There is some evidence that antioxidant and anti-inflammatory supplements like silymarin (milk thistle), curcumin, resveratrol, soy protein, and tea polyphenols may be helpful in promoting liver health, but clinical trials on these are lacking. (5)

Sugar cravings emerge

Reports of sugar cravings are common among patients in recovery. For some, sweets may provide the dopamine boost that was provided by alcohol. There is also some thought that abnormal glucose regulation and ghrelin (the hunger hormone) levels might play role in sugar cravings, especially in those who are in early recovery.

A balanced diet that replaces refined carbs with more complex carbs and includes protein with meals and snacks can be helpful in managing sugar-cravings. In addition, educate patients that hypoglycemia may be a trigger for cravings (for both sugar and alcohol). Encourage them to eat small, frequent meals throughout the day, and a balanced snack before bed to keep blood sugar levels steady.

Nourishing the gut can help the brain

Finally, promoting brain health and neurotransmitter function is an essential part of medical nutrition therapy for recovery. It’s well known that a healthier diet, especially one that’s rich in omega-3 fats and complex carbs can help the brain work better and boost serotonin levels. There is also evidence that a healthier and more diverse gut microbiome is associated with less depression and mood disorders.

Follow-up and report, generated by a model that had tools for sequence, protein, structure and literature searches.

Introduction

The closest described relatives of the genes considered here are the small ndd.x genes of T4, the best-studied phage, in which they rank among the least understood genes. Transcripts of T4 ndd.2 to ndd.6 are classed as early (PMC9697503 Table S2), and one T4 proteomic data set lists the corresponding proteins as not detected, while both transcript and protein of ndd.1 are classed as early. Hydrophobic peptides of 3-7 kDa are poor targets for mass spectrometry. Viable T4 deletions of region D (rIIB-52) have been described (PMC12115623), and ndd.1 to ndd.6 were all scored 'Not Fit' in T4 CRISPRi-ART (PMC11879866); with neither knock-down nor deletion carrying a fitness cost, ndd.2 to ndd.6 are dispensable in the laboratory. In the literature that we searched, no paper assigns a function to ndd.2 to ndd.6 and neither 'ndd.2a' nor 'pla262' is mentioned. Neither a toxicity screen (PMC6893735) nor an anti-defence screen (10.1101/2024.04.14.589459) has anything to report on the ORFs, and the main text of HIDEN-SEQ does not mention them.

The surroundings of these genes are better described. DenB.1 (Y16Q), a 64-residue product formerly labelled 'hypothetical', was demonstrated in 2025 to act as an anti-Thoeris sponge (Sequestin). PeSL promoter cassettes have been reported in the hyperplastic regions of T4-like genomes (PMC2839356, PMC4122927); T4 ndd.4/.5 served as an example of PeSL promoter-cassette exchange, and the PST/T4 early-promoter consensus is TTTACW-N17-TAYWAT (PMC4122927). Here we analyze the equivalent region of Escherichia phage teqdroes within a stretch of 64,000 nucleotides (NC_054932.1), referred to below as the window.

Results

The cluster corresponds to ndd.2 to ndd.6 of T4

On the flip side, researchers have found that alcohol consumption is associated with inflammation in the brain, as well as unhealthy changes, known as dysbiosis, in the gut microbiome. Some theorize that alcohol-induced dysbiosis is a root cause of some psychiatric disorders that involve reward-seeking behaviors. (6)

Therefore, diet strategies to improve gut health should be included in your toolbox when working with patients with AUD. Educate patients on ways to incorporate probiotic-rich foods like yogurt, kefir, or fermented vegetables such as kimchi and sauerkraut. In addition, a probiotic supplement may be helpful for some. These, plus a plant-forward diet can help the microbiome nourish and thrive.

The Bottom Line

Working with patients in recovery for AUD can present some challenges, especially with regard to making behavior changes. Often, patients need basic, how-to information and practical meal tips in addition to education on why changes are important. It’s also important to reinforce that the process of healing the body and brain takes time so results may not be apparent for weeks or months.


1. National Institutes of Health: Alcohol Use Disorder. https://www.niaaa.nih.gov/alcohol-health/overview-alcohol-consumption/alcohol-use-disorders

2. National Institutes of Health: Relationships Between Nutrition, Alcohol Use and Liver Disease. https://pubs.niaaa.nih.gov/publications/arh27-3/220-231.htm

3. Annual Review of Nutrition: Alcohol: Its Metabolism and Interaction with Nutrients. https://www.annualreviews.org/doi/full/10.1146/annurev.nutr.20.1.395

4. Thiamine (Vitamin B1) Treatment in Patients with Alcohol Dependence. https://www.ncbi.nlm.nih.gov/pubmed/27818067

5. Hepatobiliary and Pancreatic Diseases International: Dietary Supplementation in Patients with Alcoholic Liver Disease: A Review on Current Evidence. https://www.ncbi.nlm.nih.gov/pubmed/27498574

6. Progress in Neuro-Psychopharmacology and Biological Psychiatry: Alcohol, Microbiome, and Their Effect on Psychiatric Disorders. https://www.ncbi.nlm.nih.gov/pubmed/29705711